The Port Arthur News
As today’s public library adapts to changing technology and the needs of its patrons they do so with a lesser amount of funding.
Statewide library programs were cut with the 2012-2013 budget thus eliminating Loan Star Libraries which provide direct aid to public libraries and reduced state funding for TexShare database program and fees to libraries were increased.
Federal funding the Texas State Libraries and Archives Commission receives each year from the Institute of Museum and Library Services under the Library Services and Technology Act was reduced due to Congressional action and be further reduced in future years because the level of state funding no longer meets the federal requirements for maintenance of effort, according to Not Typical Library Partners website. NTLP is a private, member-driven non-profit corporation serving all types of libraries in Texas. NTLP's goal is to improve communities in Texas by building strong community libraries.
For Groves Public Library, the cuts meant a loss of about $7,000 in state funding.
“It was a quandary. Smaller libraries seem to need more funding because of their size while larger libraries serve more people,” Groves Public Library Director Deborah Harper said. “We still have the city budget but Loan Star gave us those little extras, items that are not in the city budget.”
The Loan Star funds were not spent haphazardly as projects were required to fit certain criteria. Mark Durham, director of the Effie and Wilton Hebert Public Library in Port Neches he used the funding toward collection materials and technology and other needs such as databases.
Victoria Klehn, director of the Marion and Ed Hughes Public Library in Nederland said her library lost between $6,600 to $8,100 in funding — funding that she used for collection development.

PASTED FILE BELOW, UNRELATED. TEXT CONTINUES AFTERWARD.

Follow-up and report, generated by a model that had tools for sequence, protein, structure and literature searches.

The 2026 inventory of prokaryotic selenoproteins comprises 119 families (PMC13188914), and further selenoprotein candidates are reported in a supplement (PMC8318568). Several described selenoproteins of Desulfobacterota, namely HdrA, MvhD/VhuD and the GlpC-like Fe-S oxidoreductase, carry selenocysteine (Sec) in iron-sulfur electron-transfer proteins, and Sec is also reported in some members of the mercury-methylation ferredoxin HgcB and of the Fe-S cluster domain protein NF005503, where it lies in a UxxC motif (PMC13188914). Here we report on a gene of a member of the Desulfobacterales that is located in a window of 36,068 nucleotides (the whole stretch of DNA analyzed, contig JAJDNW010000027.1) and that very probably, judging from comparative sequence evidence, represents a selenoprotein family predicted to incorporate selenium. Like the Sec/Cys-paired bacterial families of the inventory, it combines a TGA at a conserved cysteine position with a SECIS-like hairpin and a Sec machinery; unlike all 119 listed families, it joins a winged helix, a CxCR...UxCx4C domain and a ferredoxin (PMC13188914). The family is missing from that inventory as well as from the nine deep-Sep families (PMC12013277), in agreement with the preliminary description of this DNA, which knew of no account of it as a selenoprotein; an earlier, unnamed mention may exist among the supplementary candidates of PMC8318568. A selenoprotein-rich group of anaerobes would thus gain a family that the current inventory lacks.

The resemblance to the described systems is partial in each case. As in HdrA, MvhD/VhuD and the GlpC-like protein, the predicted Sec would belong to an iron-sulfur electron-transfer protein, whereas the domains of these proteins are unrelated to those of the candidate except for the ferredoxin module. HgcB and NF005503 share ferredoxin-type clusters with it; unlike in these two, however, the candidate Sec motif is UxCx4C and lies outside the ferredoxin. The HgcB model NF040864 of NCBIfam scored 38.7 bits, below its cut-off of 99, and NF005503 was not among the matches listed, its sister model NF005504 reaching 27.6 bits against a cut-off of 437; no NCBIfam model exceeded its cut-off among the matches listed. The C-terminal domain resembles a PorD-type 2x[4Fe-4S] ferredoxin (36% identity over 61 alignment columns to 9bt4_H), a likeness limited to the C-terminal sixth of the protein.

“That’s $6,000 to $8,000 worth of books we are not able to buy since then,” Klehn said.
Klehn said each year the staff makes notes on specific requests, look over their collection to see what needs to be updated and checks for worn copies.
“Then a portion of the money would have been allocated to purchase new DVD’s, or maybe there was a popular children’s series and the are only two copies and we wanted to buy the whole set, so we’d designate for new items as well,” Klehn said. “While we still have the city budget this (cuts to funding) means fewer of these types of projects we can have during the year.
Harper said the loss in funding will likely mean dropping the subscription to the Wall Street Journal and the Houston Chronicle. The Wall Street Journal, she said, costs about $600 per year.
To fill the void some libraries submit applications for competitive grants. Port Neches’ library was successful in a recent grant attempt that will fund a technology trainer for another year.
Patrons might not notice changes to their local libraries and most try their best not to impact patrons. Some, like Nederland’s library, make cuts throughout the collection and some may have to cut subscriptions to periodicals that aren’t widely used.
“It’s always a balancing act,” Klehn said. “I’ll be honest, when it comes to that (cuts) it hasn’t changed. I’ve worked in a library since 1972 and libraries are always doing a balancing act. I think any municipal department does, any government agency does. You want to provide the public with the services you now they’re going to use or feel they’re going to use. You’re always taking a chance on that.”
The state cuts doesn’t necessarily mean the end to public libraries. There are groups of people who support their local library. These groups, or “friends” hold book sales and such to raise money for their library.
In the end it’s about watching trends.
“Libraries are just transitioning, not going away. People will always find ways to provide services,” Harper said. “Like, for instance, if you lose your job then you learn new job skills and go on. We have turned more toward information and helping people in their daily lives.”